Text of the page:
2017 / Scott Lawlor
Review by Kathy Parsons
Transition is the second in a three-part series of ambient albums by keyboardist/composer Scott Lawlor. Composed and recorded between mid-2017 and May 2018, the trilogy began when Lawlor’s younger brother, Joe, was diagnosed with stage 4 cancer that had metastasized to several organs of his body. The first album, Look Unto the Heavens, was, in part, about finding the strength to deal with something like this and how, when it is desperately needed, strength can whisper to the surface despite the noise and chaos of everyday life. Transition began when Lawlor received a phone call from his mother telling him that hospice was with Joe and that he wasn’t waking up. Joe passed away about ten days later, and this album “is a tribute to the memory of a great man who was a loving husband, a courageous brother and father who will eternally watch over his two children for all the rest of their days on Earth.” (quoted from Scott Lawlor’s notes about the album.)
Transition consists of five pieces that were composed in a five-day period shortly after Joe’s passing, and each tells its own story. All five were composed “to convey a sense of the tears and heartache that we all have experienced as a result of this great man being taken from us way too soon.” (again quoting Lawlor’s album notes.) The pieces range from just under ten minutes to twenty-seven minutes. Although the music was born out of tragic loss, it is soothing and often ethereal. Where Look Unto the Heavens plays as one long piece, the five pieces on Transition are distinct, each telling of a different experience. It is my sincerest hope that in composing this music, Scott Lawlor was given some of the healing comfort that these albums will undoubtedly give others.
Transition begins with “Sacred Ground,” which was intended to convey the sense of stillness and quiet that was in Joe’s home for the last ten days of his life. The hospice caregivers told the family that Joe was in transition and that the room where he was sleeping was sacred ground. The use of the organ for this piece emphasizes the spirituality of the experience while offering peace and solace. “Whispering Voices” is very ethereal with both male and female choral voices (no lyrics). The piece was inspired by an experience Scott’s mother had while sitting with Joe one night and hearing voices but finding that no one was there. She interpreted this as the angels telling her that they were ready for Joe. The voices are otherworldly and mysterious, but also comforting and quiet. “Momentary Presence” was improvised to convey Scott’s sensing a physical presence as he sat at Joe’s bedside one afternoon. Darkness occasionally weaves in and out of the piece, but there is no fear. The title track represents Scott’s interpretation of the angels calling Joe home to a place with no pain. This twenty-seven minute piece is serene and dreamlike, and makes me think of many paintings of mortals ascending through the clouds to their new heavenly home as beams of light break through the clouds. “The Last Goodbye” expresses Scott’s sadness at bidding his brother farewell for the last time. Performed with a piano sound and lots of reverb, the emotions are very deep and very tangible. About halfway into the piece, lighter shimmering instrumentation enters, beautifully expressing that Joe’s transition is complete and that he is now at peace.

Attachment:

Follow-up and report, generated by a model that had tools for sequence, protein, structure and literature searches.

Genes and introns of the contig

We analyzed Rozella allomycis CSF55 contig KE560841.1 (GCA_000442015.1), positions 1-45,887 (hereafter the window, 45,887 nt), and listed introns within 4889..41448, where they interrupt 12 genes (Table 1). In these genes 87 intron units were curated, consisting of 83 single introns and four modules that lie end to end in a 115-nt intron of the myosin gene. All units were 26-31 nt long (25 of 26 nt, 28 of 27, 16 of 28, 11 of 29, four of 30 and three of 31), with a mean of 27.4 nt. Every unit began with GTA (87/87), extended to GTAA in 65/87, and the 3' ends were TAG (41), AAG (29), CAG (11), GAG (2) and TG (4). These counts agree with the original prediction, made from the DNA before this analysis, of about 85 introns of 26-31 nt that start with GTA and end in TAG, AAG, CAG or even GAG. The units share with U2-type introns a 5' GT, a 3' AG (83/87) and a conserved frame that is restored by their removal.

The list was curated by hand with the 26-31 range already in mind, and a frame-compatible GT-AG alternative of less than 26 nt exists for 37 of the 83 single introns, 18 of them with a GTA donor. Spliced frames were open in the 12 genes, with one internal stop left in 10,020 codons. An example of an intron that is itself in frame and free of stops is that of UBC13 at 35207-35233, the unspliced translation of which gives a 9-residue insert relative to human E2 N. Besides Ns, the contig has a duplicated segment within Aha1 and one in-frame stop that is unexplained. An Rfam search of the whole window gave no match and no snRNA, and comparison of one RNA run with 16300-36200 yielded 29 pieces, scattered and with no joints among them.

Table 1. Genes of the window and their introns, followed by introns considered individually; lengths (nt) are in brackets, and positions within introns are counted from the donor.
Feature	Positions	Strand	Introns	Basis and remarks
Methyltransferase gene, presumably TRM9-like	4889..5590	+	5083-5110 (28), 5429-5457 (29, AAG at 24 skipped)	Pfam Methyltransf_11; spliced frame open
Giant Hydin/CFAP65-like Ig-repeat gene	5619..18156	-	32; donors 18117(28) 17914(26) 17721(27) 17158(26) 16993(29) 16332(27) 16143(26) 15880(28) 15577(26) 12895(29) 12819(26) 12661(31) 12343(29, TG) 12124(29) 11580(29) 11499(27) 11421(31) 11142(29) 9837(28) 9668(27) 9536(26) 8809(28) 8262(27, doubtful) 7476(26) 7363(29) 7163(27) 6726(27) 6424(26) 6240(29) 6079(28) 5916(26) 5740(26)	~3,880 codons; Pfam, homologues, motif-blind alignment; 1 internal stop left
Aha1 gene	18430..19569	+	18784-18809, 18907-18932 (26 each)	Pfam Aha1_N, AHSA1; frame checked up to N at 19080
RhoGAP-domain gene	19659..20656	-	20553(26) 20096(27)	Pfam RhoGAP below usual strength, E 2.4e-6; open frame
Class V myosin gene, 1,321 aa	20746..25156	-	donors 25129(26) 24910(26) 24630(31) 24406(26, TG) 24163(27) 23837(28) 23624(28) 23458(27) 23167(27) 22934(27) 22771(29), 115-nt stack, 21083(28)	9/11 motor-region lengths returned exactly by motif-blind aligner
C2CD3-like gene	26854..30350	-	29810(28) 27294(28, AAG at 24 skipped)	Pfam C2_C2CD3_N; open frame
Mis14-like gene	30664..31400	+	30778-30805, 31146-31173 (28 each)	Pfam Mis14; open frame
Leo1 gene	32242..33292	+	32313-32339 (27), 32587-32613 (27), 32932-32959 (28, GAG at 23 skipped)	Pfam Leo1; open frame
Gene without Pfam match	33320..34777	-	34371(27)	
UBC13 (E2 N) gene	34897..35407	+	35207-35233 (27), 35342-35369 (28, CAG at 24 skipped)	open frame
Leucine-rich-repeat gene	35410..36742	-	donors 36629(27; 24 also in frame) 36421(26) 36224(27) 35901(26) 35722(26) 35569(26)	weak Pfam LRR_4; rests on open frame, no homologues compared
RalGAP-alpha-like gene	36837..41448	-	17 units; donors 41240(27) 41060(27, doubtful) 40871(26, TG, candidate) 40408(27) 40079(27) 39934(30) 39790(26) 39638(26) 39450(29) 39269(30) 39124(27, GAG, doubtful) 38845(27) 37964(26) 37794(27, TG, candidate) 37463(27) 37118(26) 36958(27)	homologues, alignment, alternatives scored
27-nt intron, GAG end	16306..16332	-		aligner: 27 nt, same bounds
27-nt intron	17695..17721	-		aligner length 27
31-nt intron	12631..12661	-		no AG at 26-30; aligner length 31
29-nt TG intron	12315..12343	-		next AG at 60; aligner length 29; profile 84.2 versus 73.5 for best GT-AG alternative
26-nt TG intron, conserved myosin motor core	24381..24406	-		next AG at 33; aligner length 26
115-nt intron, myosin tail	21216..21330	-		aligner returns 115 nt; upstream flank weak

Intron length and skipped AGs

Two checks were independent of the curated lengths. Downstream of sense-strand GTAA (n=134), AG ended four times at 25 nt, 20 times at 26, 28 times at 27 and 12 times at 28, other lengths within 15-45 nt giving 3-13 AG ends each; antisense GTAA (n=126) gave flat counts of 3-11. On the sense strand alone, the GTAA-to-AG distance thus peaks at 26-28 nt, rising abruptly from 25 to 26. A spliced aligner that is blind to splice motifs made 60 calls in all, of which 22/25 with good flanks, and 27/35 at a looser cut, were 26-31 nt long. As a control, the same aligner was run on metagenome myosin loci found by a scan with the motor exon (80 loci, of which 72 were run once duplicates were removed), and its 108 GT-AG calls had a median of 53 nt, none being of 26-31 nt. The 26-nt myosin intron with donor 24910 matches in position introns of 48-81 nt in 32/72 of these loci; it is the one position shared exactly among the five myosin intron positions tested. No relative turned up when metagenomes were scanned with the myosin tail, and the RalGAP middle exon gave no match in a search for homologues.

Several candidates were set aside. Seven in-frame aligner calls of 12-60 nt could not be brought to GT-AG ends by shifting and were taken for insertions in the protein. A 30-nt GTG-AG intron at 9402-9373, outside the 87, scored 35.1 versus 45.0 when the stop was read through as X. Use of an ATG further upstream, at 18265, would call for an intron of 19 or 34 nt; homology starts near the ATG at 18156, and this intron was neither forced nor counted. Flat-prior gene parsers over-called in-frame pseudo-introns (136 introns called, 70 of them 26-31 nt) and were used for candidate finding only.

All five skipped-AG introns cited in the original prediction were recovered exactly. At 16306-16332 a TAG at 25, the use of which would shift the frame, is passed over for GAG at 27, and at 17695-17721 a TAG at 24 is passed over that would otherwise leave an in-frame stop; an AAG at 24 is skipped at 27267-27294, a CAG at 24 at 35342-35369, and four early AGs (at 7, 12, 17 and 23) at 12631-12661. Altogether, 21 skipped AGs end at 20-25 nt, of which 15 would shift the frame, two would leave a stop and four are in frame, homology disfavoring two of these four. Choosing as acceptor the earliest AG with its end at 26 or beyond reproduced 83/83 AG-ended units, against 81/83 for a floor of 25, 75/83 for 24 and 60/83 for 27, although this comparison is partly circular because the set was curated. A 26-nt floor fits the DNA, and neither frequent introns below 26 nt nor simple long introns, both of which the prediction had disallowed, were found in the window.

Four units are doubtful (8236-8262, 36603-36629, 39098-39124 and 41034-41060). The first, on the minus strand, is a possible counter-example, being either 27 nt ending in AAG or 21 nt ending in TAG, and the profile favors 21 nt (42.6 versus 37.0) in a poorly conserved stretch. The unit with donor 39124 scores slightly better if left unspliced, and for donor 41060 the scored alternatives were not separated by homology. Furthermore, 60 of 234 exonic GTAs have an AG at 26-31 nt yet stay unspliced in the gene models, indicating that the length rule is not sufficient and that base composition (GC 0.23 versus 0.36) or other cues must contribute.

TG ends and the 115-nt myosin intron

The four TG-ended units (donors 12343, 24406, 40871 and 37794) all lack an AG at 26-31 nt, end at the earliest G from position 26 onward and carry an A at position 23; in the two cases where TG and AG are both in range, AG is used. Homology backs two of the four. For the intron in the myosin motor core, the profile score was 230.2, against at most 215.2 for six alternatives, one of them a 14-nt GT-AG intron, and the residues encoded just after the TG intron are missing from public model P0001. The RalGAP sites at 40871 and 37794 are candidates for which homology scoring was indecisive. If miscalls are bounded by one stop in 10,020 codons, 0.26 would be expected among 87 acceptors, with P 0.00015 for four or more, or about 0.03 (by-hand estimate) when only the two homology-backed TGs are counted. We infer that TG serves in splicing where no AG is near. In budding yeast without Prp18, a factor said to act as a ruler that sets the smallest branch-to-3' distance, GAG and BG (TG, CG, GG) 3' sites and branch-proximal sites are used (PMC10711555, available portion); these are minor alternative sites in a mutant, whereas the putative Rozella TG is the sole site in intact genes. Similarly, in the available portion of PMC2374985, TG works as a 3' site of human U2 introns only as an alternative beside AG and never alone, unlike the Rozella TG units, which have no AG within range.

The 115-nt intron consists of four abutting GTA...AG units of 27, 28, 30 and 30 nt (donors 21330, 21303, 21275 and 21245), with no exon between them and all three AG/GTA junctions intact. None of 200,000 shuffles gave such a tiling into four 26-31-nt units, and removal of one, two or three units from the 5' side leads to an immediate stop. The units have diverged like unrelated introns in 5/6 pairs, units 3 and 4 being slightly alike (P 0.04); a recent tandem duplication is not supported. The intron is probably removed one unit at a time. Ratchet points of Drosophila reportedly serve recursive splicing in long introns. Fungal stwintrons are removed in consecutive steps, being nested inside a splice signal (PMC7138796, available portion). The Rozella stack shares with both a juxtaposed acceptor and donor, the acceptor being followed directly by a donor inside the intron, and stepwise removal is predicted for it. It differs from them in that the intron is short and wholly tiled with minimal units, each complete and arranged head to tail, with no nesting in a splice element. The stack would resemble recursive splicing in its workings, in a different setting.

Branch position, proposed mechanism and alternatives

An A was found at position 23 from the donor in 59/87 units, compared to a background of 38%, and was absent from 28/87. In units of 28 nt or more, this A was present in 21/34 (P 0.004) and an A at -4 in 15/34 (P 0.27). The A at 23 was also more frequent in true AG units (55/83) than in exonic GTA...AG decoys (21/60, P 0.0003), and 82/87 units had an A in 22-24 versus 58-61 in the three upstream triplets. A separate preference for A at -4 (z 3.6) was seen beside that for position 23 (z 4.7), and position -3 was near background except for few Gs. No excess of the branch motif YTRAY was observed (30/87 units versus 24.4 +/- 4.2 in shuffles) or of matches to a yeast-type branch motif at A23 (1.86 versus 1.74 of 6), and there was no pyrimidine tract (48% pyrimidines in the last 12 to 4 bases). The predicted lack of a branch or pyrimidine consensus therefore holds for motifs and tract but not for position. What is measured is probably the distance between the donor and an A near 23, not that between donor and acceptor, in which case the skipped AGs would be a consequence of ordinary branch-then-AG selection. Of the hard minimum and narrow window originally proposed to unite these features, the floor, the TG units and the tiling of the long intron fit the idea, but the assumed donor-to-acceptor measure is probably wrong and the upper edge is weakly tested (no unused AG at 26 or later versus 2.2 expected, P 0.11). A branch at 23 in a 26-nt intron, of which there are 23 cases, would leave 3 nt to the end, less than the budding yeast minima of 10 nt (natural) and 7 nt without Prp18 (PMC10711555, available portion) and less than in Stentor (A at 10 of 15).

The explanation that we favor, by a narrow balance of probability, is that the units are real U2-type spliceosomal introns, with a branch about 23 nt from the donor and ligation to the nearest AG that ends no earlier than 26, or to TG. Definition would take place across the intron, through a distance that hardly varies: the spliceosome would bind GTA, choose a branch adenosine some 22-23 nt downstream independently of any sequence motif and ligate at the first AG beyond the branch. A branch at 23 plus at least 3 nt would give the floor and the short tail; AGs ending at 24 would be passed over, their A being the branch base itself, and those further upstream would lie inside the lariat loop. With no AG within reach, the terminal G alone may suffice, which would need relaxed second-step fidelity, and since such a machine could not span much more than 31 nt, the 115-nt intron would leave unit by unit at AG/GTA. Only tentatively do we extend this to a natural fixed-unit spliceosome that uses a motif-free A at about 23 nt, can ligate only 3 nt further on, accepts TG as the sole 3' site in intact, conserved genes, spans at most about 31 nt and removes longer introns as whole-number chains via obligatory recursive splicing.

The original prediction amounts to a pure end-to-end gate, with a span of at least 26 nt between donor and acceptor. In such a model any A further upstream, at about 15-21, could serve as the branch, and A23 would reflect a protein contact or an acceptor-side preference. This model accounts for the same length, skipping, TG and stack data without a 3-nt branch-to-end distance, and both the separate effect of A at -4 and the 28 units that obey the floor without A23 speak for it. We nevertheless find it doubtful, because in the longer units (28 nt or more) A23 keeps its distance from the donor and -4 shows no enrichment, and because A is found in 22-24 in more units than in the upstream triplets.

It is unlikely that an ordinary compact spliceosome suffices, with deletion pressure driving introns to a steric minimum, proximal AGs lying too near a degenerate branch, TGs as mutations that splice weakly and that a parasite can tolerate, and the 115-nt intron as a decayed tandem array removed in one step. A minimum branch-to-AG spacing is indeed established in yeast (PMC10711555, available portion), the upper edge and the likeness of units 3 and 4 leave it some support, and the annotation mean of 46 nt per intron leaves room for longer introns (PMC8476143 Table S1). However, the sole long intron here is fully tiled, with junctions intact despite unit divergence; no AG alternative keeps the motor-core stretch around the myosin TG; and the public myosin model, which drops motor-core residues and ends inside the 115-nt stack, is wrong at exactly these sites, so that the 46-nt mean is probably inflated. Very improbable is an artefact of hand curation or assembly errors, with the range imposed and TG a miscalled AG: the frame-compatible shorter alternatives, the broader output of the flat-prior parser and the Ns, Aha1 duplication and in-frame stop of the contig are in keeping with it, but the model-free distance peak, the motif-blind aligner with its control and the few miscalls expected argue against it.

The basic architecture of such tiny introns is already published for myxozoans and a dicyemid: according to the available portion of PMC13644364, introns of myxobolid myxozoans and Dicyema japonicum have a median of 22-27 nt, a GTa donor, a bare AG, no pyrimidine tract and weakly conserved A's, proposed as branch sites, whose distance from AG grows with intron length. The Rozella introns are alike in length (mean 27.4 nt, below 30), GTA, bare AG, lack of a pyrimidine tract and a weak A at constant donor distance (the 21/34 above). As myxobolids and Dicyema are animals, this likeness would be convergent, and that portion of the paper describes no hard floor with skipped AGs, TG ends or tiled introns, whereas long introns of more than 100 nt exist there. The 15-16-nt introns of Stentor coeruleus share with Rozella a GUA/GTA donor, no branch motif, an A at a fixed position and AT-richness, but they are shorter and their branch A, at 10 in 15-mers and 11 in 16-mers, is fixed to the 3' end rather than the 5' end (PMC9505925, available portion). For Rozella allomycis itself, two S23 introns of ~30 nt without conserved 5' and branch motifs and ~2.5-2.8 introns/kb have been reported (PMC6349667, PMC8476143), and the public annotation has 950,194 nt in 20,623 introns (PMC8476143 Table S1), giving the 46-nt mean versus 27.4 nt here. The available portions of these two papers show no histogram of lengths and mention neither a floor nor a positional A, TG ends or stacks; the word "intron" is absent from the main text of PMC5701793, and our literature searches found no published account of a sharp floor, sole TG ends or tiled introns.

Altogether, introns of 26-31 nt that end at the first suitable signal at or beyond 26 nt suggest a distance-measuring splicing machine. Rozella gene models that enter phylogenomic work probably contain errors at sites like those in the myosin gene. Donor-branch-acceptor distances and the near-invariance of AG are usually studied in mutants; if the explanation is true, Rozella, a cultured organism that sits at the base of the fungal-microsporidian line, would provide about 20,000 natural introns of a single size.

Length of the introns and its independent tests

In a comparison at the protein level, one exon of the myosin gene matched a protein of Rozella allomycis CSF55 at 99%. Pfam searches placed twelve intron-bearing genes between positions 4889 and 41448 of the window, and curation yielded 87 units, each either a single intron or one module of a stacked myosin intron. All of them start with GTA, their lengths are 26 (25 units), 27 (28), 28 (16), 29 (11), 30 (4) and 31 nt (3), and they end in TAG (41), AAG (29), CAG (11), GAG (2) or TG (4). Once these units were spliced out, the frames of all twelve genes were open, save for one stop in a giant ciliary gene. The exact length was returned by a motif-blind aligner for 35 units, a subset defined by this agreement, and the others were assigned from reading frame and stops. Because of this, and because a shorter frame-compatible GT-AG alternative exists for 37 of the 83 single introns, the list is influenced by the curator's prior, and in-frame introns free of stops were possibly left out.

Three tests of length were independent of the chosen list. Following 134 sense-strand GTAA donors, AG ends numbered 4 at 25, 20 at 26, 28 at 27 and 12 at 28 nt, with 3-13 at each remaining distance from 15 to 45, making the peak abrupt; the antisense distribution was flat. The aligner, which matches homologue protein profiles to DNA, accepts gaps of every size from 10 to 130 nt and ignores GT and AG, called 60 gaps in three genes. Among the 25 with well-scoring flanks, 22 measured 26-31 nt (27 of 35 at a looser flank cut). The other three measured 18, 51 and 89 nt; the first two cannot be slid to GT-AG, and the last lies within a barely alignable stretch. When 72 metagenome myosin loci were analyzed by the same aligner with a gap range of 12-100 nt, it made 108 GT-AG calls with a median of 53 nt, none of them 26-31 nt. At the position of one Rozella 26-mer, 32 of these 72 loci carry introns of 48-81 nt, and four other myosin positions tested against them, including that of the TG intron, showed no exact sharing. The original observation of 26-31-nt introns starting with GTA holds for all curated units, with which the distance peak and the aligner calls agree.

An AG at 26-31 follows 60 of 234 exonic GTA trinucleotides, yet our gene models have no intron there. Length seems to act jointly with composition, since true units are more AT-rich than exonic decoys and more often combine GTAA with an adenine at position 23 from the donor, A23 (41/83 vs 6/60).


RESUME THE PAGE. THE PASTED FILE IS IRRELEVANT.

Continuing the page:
Transition is an amazing and deeply affecting musical journey through one of the most difficult experiences we humans can have. Many thanks to Scott Lawlor for sharing such a personal time in his life with us. Transition is available from BandCamp. Highly recommended!
July 9, 2018